The culturally conscious Jewish Community Center of San Francisco hosted a medley of exciting events on Friday evening, ranging from a middle school dance to one of the most spectacular visual displays of the year. The headliner of this latter event was not a person, really, but a custom-made Ovation Adamas guitar that glinted white and perched serenely against a dark backdrop, primed for takeoff.
Legendary fingerstyle instrumentalist Kaki King partnered with the professional digital display junkies at Glowing Pictures to deliver the ultimate cross-media art performance, fondly dubbed The Neck is a Bridge to the Body.
She walked out clad in all white, down to her sunglasses and even the hair on her head. There was to be no microphone and no intermission, so it was assumed that she would have nothing to say — never had an assumption been so poorly made.
Snakes of bright green lights danced across the surface of the guitar against strumming ambiance. The sounds were a soundtrack to the projected spinning pulsar in revolt, looming over Kaki King.
Stage, performer, and instrument melded into one solid canvas to host an eclectic array of postmodern images. Stringy, melting Oobleck dripped down the wall as King engaged in her signature wah-wah feedback distortion, scratching up the guitar face for a jazzy percussive effect. When she delved into a funky hollow guitar beat, she emitted a style reminiscent of early Blue Man Group.
Fans were treated to an old favorite from King’s debut Everybody Loves You (2002). “Carmine St.” carried a “Rhapsody in Blue”-like composition style accentuated by flashing city images that panned across the canvas. The song introduced one of the most ingenious short films we had seen in a long while.
The show ended as galactically as it had started — with an ode to an asteroid. The crowd swallowed this unreleased melodic piece in silence, allowing the night’s spectacles to morph into memory.
For more from the woman behind the magic, here’s our exclusive interview with Kaki King.
When you started to get serious about guitar, what was the learning process like? Were you self-taught? Was it a bumpy road?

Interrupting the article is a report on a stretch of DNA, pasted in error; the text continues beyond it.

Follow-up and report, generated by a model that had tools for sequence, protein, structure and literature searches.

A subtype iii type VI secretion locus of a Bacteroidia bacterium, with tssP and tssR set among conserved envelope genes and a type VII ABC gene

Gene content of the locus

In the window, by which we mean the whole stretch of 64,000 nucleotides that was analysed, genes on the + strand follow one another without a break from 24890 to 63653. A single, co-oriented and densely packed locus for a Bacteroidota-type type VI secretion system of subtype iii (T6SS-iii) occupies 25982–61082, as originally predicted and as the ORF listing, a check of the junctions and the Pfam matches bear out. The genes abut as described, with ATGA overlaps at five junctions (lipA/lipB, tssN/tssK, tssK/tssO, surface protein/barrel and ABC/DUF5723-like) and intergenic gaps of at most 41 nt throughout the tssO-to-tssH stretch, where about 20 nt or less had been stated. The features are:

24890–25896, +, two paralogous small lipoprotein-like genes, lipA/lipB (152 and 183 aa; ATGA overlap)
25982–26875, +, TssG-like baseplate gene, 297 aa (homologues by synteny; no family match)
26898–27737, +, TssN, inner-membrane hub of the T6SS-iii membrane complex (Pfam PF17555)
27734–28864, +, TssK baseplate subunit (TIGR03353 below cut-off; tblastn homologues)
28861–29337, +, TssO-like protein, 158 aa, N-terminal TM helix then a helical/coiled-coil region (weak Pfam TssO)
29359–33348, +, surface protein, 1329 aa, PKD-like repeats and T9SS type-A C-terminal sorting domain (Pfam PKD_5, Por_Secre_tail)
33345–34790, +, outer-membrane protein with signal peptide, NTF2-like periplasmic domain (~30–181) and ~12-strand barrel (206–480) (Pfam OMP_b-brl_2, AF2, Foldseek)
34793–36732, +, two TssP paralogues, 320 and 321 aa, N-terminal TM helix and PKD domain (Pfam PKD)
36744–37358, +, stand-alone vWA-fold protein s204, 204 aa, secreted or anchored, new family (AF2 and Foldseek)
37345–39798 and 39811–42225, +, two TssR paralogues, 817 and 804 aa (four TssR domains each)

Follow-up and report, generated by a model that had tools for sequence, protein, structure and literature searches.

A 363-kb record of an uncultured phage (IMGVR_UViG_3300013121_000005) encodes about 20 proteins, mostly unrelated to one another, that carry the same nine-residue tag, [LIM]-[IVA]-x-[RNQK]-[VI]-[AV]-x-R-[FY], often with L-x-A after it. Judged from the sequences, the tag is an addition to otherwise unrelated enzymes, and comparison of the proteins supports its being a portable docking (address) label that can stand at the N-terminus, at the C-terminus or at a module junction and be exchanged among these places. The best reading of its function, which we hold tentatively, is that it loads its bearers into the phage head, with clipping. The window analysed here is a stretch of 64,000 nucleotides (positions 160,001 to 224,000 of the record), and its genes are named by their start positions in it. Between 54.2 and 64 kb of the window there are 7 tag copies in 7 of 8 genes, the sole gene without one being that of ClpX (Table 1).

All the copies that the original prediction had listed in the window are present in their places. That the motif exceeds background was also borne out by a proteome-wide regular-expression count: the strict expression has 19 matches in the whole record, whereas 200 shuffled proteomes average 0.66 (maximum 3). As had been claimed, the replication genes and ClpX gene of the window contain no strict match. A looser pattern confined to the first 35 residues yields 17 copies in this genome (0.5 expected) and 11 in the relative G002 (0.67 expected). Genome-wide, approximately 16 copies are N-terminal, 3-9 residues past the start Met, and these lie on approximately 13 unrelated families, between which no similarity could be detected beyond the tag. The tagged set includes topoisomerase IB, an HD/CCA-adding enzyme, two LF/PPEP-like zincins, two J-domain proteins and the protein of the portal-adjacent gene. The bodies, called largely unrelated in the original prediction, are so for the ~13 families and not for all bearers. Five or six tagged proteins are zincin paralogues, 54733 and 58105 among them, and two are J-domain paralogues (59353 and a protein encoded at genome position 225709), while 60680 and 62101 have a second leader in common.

I was so young when I started to play that it just became part of my identity from a very early age. I was lucky to gain enough information so that I could teach myself when the time was right in my early teens.
What is your favorite guitar to play?
Until We Felt Red (2006) feels like a dramatic departure in style (from previous albums) toward something more rock-centered. The albums following (including your most recent one) seemed to change even more. Who or what pulled you in this direction?
At the time I just didn’t feel like I had another solo guitar album in me. It was time to try new things. I worked with John McEntire as a producer because I felt that the kind of music he had been making and producing could be a nice bridge into something new but still in my comfort zone.
Being a high profile instrumental artist is a unique thing to be in a lyric-heavy world. Do you find that instrumental music speaks to you more than lyrical music does? Why do you gravitate toward the instrumental genre?
I think I always have [gravitated towards instrumental music]. The first piece I wrote was in fifth grade and it was called “Landscapes.” I think it had five chords and no words. I remember my art teacher told me she liked it which was great because I was always getting in trouble in art class. Music, sans lyrics, becomes the language of emotion. That’s why silly sappy lyrics sound so beautiful in the right musical setting. I’m much more interested in telling an emotional story rather than a lyrical one.
With the postcard project in Santa Cruz, the guitar art show, and the like, you add a strong visual element to your performance. How does the visual affect or contribute to your artistic expression? Is it just another medium alongside the sonic element or does it do something else?
I assume you’re referring to my new project, The Neck is a Bridge to the Body. I’m using the guitar as a projection surface as well as a huge screen directly behind me. The show has a loose narrative around music and creation, development of increasingly complex ideas, and eventually becomes a story of the guitar itself. At times I am controlling the visuals with what I’m playing, sometimes I’m providing the live soundtrack to a short mini-movie, and sometimes the live video artist and I are improvising to each other’s ideas.
What was your favorite movie to contribute music to and why?
I did a film called How I Got Lost that my friend Joe Leonard directed. It was a beautiful movie that I did the whole score for.
What are you looking forward to most in your upcoming tour?
I think The Neck is groundbreaking in its use of audio and visual technology, and I also think the music and visuals are really beautiful. I’m looking forward to sharing it with people who will really get something out of it.
You came to the Bay Area at an undoubtedly heated time, when Ferguson protesters are in full swing. Thoughts? Care to get political?
Fuck racist cops, fuck the war on drugs, fuck the war on poor people, fuck the 1%. Get out in the streets and shut it down but remember to call and email the office of every last official who represents you, from your local community board on up. Tell them that they will not have your vote unless they take action or make statements towards bringing indictments against the cops who murdered Mike Brown and Eric Garner. Also, tell them that we absolutely need to demilitarize the police. Also, fuck the police, fuck the for-profit prison system, and fuck patriarchy.
And finally, in your best textual representation… when a tree falls in a forest, what sound does it make?
Article by Jade Theriault
Photos by Jimena Cuenca